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I might be building a computer for one of my friends soon and I decided to get an i5-2500K for slight overclocking and he's scared of voiding the warranty so I'm wondering: Is the warranty void after I overclock it?

Remember, K series has unlocked multiplier so I don't know if the OC policy for CPUs with unlocked multiplier is going to be different from other CPUs

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closed as too localized by random Aug 12 '11 at 11:59

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I don't know for certain, but I'm fairly sure overclocking does void your warranty. Processors hardly ever fail though, and even if it does as long as you didn't fry it overvolting they'll never know the difference. –  Shinrai May 4 '11 at 21:51
    
The only safe answer we can give is „it depends”. In some areas, the warranty will be void only if the damage is caused by overclocking while in some other areas the act of overclocking itself may be enough to void the warranty. If you're uncertian, the best way to be sure is to read the warranty card and your local laws regulating warranty. –  AndrejaKo May 4 '11 at 22:36
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You can now buy a Performance Tuning Protection Plan for current gen CPUs from Intel ($35 or less), and, as long as you stay inside the normal voltage range / don't damage it externally (i.e. using that silver CPU glue that physically bonds the heatsink to the processor), etc. They'll replace it if you bork it up via overclocking. (Be sure to read the fine print, etc. of course!) –  BrainSlugs83 Nov 1 at 21:33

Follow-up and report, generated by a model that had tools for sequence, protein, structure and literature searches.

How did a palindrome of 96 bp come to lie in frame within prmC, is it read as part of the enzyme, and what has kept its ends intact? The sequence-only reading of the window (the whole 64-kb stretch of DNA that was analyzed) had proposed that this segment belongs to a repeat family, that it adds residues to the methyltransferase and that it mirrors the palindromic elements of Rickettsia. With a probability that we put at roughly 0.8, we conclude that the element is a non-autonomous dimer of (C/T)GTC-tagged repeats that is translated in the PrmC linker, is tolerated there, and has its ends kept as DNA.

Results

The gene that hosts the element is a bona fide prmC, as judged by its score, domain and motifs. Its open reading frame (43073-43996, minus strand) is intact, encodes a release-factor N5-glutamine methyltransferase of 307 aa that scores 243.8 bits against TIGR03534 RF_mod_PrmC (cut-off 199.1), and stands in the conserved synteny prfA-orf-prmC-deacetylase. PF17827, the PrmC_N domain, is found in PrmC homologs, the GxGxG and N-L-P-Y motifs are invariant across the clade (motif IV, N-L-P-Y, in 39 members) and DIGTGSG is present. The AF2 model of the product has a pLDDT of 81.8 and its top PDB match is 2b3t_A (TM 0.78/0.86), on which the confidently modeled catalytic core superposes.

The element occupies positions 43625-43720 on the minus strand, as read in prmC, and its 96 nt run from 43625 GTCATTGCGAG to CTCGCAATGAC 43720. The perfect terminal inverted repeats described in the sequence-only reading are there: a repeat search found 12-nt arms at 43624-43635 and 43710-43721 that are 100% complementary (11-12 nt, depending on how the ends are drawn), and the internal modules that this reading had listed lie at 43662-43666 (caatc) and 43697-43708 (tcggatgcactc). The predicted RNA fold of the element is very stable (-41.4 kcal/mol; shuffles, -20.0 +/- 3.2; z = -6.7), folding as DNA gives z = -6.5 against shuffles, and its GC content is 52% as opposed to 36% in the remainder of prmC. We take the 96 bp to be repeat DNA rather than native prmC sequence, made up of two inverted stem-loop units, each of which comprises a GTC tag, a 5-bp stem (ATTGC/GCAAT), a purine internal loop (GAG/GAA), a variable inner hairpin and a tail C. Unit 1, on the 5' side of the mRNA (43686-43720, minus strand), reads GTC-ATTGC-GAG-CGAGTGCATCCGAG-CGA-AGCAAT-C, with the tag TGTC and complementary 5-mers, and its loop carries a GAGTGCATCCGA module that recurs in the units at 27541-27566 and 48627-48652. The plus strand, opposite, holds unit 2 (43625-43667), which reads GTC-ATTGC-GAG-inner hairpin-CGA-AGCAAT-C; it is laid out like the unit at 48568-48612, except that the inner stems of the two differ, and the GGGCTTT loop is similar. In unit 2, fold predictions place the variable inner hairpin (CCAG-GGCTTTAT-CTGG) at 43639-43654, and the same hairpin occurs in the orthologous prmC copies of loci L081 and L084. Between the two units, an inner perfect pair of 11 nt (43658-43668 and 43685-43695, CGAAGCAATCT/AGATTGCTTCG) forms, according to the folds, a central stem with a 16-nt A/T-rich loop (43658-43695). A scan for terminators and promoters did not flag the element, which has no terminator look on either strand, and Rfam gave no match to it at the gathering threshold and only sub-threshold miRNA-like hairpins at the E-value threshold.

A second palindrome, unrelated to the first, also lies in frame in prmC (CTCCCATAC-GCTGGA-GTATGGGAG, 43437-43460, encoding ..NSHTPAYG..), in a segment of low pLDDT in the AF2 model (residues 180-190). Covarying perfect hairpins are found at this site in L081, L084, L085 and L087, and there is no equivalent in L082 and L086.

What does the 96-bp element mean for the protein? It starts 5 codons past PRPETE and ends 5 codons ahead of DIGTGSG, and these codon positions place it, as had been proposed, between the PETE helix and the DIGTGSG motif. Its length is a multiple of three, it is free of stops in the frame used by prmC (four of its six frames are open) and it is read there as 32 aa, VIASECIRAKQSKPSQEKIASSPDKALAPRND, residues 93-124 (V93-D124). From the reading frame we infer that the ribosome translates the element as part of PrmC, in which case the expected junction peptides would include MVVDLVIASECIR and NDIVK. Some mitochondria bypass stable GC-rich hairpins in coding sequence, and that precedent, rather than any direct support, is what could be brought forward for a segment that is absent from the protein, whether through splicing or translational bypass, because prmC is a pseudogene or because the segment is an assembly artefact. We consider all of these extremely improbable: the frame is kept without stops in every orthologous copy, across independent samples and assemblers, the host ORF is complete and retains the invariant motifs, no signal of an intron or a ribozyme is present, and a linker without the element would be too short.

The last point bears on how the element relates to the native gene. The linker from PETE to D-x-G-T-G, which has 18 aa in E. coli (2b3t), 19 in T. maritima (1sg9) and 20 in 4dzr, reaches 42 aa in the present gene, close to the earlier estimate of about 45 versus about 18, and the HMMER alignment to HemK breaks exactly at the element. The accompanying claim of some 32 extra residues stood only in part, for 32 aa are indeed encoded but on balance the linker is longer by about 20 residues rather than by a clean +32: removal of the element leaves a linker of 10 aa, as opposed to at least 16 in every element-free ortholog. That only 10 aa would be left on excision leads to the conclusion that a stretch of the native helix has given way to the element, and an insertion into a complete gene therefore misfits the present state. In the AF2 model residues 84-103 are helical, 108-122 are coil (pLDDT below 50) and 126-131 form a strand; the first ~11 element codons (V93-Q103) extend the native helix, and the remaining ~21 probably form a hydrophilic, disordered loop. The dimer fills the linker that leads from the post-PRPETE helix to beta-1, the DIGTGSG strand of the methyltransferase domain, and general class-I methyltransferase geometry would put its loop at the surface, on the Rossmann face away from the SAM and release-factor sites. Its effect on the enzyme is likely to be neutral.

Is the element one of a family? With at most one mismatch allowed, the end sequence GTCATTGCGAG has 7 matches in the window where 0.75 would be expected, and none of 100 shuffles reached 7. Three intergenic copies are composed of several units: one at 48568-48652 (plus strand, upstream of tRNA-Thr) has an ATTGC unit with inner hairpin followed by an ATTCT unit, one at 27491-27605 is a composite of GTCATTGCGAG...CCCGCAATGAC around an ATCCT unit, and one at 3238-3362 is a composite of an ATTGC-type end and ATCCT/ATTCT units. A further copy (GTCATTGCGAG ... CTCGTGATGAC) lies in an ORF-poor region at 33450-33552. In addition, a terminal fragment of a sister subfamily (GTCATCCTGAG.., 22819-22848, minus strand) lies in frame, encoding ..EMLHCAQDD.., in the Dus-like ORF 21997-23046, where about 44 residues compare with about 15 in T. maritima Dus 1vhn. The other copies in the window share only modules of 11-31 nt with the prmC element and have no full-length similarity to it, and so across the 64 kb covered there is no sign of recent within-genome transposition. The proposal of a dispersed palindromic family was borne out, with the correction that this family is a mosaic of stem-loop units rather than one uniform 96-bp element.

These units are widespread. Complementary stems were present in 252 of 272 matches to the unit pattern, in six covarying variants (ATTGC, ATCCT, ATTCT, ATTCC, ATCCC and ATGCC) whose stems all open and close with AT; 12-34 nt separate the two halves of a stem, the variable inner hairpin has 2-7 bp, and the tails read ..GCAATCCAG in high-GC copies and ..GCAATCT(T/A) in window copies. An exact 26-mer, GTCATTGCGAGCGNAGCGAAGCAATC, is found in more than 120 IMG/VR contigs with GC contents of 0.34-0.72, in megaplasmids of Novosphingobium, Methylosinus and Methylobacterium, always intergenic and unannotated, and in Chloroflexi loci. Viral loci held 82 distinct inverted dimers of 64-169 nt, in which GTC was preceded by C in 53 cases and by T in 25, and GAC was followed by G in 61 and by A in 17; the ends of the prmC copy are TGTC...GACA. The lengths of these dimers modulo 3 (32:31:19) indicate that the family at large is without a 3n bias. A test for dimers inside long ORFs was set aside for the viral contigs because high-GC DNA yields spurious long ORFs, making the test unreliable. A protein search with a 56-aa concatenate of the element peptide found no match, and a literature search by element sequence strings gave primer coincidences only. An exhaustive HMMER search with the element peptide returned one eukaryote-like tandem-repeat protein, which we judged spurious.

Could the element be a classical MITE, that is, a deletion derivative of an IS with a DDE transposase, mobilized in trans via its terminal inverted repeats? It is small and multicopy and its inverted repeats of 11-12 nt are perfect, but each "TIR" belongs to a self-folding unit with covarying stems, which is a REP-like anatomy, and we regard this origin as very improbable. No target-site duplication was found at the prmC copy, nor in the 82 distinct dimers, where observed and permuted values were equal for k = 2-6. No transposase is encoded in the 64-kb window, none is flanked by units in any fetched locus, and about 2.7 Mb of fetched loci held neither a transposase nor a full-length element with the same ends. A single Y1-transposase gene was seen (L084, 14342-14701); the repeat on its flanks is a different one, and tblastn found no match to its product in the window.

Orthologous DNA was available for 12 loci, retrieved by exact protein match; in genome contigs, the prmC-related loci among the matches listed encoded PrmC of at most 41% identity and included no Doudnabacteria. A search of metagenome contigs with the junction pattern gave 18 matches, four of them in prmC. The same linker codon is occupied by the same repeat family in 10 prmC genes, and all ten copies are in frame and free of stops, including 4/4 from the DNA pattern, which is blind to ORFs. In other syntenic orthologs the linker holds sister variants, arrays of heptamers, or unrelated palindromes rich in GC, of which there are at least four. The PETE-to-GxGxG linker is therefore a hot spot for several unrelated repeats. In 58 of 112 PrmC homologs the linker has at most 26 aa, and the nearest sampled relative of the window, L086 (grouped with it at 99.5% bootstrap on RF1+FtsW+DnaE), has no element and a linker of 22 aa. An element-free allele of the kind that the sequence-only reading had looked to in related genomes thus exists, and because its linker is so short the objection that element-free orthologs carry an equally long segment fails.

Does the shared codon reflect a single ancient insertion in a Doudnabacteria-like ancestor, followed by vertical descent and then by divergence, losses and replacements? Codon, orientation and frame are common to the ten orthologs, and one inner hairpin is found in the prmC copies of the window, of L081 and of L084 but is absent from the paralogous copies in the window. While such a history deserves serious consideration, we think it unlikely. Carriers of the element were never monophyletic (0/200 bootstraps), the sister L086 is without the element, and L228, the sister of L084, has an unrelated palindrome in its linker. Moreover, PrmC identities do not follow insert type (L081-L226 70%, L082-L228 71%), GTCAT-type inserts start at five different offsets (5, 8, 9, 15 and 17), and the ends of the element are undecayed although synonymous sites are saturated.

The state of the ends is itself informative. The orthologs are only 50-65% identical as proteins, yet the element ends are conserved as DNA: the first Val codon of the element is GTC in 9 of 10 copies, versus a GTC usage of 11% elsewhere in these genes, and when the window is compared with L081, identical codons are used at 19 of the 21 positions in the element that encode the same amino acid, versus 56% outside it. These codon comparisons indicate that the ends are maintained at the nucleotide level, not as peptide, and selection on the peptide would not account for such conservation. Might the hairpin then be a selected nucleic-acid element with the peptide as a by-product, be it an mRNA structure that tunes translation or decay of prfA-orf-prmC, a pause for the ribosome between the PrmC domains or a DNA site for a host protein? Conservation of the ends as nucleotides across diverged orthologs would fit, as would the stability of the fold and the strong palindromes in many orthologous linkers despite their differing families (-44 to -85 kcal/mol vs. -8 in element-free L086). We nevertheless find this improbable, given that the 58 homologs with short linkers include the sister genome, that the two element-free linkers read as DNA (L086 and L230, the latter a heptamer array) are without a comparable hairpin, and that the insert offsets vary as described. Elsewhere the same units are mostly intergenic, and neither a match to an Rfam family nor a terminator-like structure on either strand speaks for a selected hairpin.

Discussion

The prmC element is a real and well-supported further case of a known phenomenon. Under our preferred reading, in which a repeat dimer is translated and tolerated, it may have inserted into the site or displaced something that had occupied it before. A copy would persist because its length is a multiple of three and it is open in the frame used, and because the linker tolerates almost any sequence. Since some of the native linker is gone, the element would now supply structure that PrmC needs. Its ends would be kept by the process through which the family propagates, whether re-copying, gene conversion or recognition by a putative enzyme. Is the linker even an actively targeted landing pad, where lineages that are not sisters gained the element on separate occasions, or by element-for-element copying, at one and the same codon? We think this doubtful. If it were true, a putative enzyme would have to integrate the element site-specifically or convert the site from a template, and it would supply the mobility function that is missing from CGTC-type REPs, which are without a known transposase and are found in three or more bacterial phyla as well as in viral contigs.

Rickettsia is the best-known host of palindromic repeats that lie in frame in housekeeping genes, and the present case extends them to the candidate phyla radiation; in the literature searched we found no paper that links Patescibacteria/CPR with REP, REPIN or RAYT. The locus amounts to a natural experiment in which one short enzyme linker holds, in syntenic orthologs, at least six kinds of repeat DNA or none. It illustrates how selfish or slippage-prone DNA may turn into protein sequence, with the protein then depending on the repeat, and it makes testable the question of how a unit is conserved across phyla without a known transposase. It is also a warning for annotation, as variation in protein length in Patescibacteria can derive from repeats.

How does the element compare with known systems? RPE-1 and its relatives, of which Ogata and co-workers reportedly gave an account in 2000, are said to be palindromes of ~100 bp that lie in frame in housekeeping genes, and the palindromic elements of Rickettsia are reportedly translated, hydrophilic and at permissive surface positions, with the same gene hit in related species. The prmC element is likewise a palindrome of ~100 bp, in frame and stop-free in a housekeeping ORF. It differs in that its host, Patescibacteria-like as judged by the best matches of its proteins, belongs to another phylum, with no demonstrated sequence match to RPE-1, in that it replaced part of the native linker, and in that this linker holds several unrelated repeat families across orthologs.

@Shinrai I'd be surprised it there wasn't a NAND bit or configuration fuse in the processor that it didn't "set" upon being overclocked from the marked stock frequency (specifically for warranty purposes). It would be a simple thing to engineer... –  BrainSlugs83 Nov 1 at 21:37
    
@BrainSlugs83 - At least for consumer Intel chips, I can say with a good bit of surety that there isn't any such thing. –  Shinrai Nov 2 at 7:04

2 Answers 2

up vote 1 down vote accepted

I find it bizzare that Intel would sell and unlocked CPU and have overclocking violate the warranty, but it does appear to void the warranty. See footnote 1: http://www.intel.com/cd/channel/reseller/apac/eng/449714.htm

In any event, no one can tell if you've been overclocking. So...don't ask don't tell.

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You can now buy a Performance Tuning Protection Plan for current gen CPUs from Intel ($35 or less), and, as long as you stay inside the normal voltage range / don't damage it externally (i.e. using that silver CPU glue that physically bonds the heatsink to the processor), etc. They'll replace it if you bork it up via overclocking. (Be sure to read the fine print, etc. of course!) –  BrainSlugs83 Nov 1 at 21:33

Most, if not all CPUs will have their warranty voided if you overclock them. But you shouldn't really be scared. An overclock (if done properly) can be left on a CPU for years!

I have had my AMD Phenom II CPU overclocked to the max using a high voltage and it's still running great after two years.

By the time the CPU is dead it will probably be time for an upgrade anyway.

Don't forget to use an aftermarket heatsink; the stock cooler doesn't do an overclocked CPU any justice.

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Should or shouldn't? –  AndrejaKo May 4 '11 at 22:54
    
Slight overclock meaning no aftermarket coolers and go from 3.30 GHz to about 3.4 or 3.5 not something extreme like 4.5 or 5 GHz –  Alex Yan May 4 '11 at 23:06

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